Clubhouse Craze

Spotify jumps on the live audio bandwagon, is prepping a Clubhouse rival

It’s official. The company is entering the sizzling hot arena of live audio content.

İstanbul, Turkey - January 16, 2016: Woman hands holding an Apple iPhone 6 Plus displaying Spotify application.  iPhone, produced by Apple Computer, Inc.
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Clubhouse mania has officially infected Spotify. The company announced that it has acquired Betty Labs, which created the live sports audio app, Locker Room. It hasn’t said how much the acquisition cost.

While Locker Room will remain in the App Store for now, Spotify says that it will eventually undergo a brand makeover with a new name, which it hasn’t revealed yet. Additionally, Locker Room will hit Android in the near future — good news for the crowd that resents Clubhouse’s exclusive, invite-and-iOS-only nature. Spotify calls this acquisition an attempt to "accelerate [its] entry into the live audio space" with an emphasis on music, entertainment, culture, and sports. It also plans to offer "interactive features" between content creators and audiences.

Spotify's chief research and development officer Gustav Söderström said, "Creators and fans have been asking for live formats on Spotify.” A live audio feature would be a "powerful complement that will enhance and extend the on-demand experience we provide today." If Söderström and co. get the formula right, the company might dethrone Clubhouse as the current king of live audio chat.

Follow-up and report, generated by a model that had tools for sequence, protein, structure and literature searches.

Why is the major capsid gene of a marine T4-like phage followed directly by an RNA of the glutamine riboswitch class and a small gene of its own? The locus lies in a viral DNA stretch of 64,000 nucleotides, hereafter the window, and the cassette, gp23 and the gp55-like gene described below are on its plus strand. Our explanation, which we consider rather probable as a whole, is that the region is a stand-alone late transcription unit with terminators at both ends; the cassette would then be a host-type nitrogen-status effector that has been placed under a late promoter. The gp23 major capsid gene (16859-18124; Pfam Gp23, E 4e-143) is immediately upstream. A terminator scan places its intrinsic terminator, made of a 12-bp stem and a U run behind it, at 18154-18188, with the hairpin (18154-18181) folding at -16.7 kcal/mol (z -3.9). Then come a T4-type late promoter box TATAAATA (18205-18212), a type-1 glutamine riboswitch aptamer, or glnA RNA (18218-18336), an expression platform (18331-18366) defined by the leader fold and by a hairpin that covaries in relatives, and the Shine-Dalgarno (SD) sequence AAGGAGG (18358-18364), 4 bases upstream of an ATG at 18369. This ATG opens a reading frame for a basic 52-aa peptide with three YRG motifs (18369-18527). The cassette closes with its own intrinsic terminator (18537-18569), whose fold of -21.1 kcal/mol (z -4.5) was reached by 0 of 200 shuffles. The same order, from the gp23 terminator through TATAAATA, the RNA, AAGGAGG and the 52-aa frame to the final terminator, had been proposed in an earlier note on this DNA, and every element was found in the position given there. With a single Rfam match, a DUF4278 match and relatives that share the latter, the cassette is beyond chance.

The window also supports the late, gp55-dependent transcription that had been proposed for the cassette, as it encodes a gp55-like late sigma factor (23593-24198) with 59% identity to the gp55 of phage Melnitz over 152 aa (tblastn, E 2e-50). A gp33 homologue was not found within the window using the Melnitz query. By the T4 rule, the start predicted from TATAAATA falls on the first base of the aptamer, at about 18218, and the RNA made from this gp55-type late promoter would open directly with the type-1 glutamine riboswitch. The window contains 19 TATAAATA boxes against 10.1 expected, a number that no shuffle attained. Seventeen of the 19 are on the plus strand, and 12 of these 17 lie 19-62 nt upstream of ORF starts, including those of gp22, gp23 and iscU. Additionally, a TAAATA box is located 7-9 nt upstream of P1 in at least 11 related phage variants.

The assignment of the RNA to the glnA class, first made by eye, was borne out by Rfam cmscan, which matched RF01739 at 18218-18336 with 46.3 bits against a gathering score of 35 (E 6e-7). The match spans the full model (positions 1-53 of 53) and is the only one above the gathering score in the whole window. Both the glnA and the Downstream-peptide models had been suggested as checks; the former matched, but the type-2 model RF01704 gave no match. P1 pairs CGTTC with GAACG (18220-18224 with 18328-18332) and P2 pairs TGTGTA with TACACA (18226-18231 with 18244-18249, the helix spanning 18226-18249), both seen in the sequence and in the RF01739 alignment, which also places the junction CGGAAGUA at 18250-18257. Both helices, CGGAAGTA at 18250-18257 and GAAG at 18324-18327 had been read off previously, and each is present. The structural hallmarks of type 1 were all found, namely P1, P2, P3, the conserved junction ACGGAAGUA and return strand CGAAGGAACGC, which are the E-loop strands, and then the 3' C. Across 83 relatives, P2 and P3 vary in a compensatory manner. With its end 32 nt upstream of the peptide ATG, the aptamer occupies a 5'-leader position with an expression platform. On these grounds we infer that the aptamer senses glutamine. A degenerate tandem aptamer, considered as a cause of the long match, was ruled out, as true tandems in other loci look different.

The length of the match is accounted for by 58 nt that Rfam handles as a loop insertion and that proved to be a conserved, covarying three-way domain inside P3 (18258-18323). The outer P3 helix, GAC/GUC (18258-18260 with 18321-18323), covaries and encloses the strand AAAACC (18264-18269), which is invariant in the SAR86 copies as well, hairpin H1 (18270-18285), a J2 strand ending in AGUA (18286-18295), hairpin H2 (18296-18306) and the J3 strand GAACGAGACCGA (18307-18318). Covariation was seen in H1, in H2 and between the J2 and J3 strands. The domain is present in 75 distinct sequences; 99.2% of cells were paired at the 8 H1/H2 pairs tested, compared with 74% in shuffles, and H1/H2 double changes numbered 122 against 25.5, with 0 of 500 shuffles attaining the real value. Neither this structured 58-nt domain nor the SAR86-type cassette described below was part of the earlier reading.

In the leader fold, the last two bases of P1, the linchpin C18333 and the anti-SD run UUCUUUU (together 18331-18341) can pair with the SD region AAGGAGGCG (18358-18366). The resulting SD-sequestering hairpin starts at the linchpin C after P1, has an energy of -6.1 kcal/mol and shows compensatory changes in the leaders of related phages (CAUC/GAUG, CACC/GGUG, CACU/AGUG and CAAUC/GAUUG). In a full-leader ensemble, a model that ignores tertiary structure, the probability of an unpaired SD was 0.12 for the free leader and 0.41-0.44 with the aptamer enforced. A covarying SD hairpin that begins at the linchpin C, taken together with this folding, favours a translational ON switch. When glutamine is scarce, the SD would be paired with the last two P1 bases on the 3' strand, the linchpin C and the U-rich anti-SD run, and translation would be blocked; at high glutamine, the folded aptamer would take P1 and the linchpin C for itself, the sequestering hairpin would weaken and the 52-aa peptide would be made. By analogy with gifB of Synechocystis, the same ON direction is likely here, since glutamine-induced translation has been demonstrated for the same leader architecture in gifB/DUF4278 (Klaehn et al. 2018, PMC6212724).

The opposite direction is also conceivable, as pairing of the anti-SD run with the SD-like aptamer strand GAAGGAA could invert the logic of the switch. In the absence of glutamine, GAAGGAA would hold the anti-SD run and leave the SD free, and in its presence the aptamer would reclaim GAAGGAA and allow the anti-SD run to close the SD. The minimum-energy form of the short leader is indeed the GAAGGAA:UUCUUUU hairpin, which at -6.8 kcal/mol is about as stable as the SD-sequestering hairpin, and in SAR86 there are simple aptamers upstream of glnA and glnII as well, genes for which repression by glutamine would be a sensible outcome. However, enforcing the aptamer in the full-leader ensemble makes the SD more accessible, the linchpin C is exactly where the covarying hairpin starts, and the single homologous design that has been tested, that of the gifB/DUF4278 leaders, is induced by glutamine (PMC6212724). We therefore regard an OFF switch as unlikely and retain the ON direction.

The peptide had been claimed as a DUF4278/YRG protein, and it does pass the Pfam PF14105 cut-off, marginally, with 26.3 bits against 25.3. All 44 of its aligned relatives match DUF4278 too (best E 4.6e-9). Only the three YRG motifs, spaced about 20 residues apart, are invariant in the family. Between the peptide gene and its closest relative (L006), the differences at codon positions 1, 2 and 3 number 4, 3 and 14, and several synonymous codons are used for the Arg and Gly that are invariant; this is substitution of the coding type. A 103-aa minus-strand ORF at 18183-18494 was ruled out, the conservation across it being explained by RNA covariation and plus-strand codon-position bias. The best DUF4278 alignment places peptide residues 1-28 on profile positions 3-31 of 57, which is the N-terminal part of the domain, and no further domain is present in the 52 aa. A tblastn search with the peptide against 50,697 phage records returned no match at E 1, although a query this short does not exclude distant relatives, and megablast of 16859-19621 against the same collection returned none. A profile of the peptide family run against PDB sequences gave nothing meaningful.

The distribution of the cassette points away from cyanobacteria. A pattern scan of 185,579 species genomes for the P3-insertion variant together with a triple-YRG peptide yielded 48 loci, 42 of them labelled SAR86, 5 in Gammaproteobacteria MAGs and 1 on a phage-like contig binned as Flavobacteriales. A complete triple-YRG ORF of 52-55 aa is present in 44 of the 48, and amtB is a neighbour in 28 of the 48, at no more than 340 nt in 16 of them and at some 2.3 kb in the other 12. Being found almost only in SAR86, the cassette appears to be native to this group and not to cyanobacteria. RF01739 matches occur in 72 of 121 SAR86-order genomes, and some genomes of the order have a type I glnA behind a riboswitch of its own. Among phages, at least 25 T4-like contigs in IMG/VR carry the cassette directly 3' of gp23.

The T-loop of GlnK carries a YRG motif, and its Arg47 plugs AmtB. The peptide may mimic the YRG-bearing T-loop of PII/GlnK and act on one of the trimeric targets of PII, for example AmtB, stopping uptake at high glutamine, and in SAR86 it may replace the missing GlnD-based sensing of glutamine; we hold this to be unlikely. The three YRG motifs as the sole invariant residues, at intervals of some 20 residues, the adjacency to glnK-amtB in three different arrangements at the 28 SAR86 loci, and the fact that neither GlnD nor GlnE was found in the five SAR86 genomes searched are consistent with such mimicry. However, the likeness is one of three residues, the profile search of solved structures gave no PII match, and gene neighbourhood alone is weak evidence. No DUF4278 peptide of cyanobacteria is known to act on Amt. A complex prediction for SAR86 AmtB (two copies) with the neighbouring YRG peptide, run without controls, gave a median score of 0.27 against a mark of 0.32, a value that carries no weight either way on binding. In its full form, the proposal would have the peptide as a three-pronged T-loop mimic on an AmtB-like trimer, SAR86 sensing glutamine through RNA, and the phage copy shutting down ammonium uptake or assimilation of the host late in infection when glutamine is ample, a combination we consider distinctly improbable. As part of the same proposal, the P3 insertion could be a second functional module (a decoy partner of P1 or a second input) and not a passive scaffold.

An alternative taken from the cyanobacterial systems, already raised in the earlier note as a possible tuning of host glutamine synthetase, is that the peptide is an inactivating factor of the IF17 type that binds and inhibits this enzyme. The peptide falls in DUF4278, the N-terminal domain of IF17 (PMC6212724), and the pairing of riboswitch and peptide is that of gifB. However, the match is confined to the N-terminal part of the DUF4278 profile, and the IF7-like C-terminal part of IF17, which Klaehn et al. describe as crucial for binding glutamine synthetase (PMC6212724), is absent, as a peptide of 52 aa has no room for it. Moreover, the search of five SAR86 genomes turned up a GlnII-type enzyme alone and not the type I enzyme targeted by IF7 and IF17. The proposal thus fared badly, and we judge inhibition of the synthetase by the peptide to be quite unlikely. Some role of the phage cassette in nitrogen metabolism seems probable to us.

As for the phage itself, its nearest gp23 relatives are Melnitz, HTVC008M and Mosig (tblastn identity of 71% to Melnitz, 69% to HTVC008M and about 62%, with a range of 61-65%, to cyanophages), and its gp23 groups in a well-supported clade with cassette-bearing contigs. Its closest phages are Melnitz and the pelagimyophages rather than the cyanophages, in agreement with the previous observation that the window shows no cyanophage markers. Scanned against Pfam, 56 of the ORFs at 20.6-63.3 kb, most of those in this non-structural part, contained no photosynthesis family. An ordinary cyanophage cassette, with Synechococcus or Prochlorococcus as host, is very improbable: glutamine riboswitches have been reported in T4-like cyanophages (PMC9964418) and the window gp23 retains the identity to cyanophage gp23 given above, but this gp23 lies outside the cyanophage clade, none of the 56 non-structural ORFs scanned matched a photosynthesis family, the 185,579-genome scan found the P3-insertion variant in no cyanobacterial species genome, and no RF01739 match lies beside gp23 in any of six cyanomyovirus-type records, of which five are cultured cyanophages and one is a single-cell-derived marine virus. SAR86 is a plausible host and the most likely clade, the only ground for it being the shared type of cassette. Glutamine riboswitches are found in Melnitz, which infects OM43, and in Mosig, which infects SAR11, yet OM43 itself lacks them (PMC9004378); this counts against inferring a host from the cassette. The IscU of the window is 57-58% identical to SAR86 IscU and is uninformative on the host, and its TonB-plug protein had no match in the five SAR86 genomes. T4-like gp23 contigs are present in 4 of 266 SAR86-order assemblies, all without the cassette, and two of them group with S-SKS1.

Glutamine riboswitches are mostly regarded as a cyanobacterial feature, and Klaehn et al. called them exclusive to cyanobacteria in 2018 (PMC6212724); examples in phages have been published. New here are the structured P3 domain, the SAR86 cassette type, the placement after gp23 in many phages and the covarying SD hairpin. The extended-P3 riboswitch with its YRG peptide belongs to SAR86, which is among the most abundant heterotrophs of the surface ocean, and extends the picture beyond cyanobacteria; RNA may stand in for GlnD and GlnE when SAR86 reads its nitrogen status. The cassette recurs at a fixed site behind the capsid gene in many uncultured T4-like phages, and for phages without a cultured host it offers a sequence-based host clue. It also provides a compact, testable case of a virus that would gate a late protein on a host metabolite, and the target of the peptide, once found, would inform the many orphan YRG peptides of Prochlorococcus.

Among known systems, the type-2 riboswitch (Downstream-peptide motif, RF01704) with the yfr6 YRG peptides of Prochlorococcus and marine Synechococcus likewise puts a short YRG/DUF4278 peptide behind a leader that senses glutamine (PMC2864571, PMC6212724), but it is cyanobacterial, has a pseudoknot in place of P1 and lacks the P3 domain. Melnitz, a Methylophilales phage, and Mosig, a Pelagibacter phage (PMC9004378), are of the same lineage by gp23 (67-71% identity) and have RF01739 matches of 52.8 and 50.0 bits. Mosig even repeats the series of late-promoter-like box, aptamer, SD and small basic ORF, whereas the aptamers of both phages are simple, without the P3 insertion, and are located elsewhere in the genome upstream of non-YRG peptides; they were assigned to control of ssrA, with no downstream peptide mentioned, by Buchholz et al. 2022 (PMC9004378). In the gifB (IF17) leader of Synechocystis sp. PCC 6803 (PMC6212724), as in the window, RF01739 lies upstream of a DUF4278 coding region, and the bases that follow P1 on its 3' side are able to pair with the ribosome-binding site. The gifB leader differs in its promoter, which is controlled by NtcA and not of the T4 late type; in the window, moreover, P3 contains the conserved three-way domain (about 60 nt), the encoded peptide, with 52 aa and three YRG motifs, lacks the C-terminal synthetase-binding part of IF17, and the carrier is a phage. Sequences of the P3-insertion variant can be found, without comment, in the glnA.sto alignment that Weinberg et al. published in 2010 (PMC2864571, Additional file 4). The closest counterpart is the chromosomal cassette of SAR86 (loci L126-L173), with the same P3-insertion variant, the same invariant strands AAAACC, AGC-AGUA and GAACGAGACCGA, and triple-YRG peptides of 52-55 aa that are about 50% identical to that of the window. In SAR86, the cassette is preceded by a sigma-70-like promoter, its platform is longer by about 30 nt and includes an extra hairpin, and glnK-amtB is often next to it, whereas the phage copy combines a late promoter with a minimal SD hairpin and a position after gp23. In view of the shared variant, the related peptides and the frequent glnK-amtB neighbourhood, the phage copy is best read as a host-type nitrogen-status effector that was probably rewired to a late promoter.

Beat your rivals — Spotify has aggressively bolstered its efforts to gain market profitability. With an advertising suite and the powerful acquisition of Megaphone, the popular podcast technology firm, the company is doing everything it can to dominate the podcast wars. Spotify's audio advertising marketplace, the Spotify Audience Network, its Originals and Exclusives, plus Megaphone and Anchor podcasts are just some of the company's latest developments that demonstrate CEO Daniel Ek's hunger to crush all competition from formidable rivals like Apple and Amazon.

Podcasts aren't the only thing on Ek's mind, though. With news surrounding an approved patent that would identify a Spotify user's personality traits as well as the surroundings they listen to audio content in and a possible entry into film-making thanks to Spotify’s cozy relations with HBO Max, the company’s itch to reign over competitors well beyond the podcast industry is more than obvious.

So it’s no surprise that Spotify has become the latest company to hop on the Clubhouse wave. It’s far from the only one to do so. Soon after the live audio chat app hit iOS, giants like Twitter came out with Spaces, Facebook was said to be working on its own Clubhouse equivalent, and billionaire Mark Cuban was reported to be testing waters with Fireside. The craze is so hot that, of course, miscreants created a fake Clubhouse Android app riddled with malware, which you shouldn’t download at all.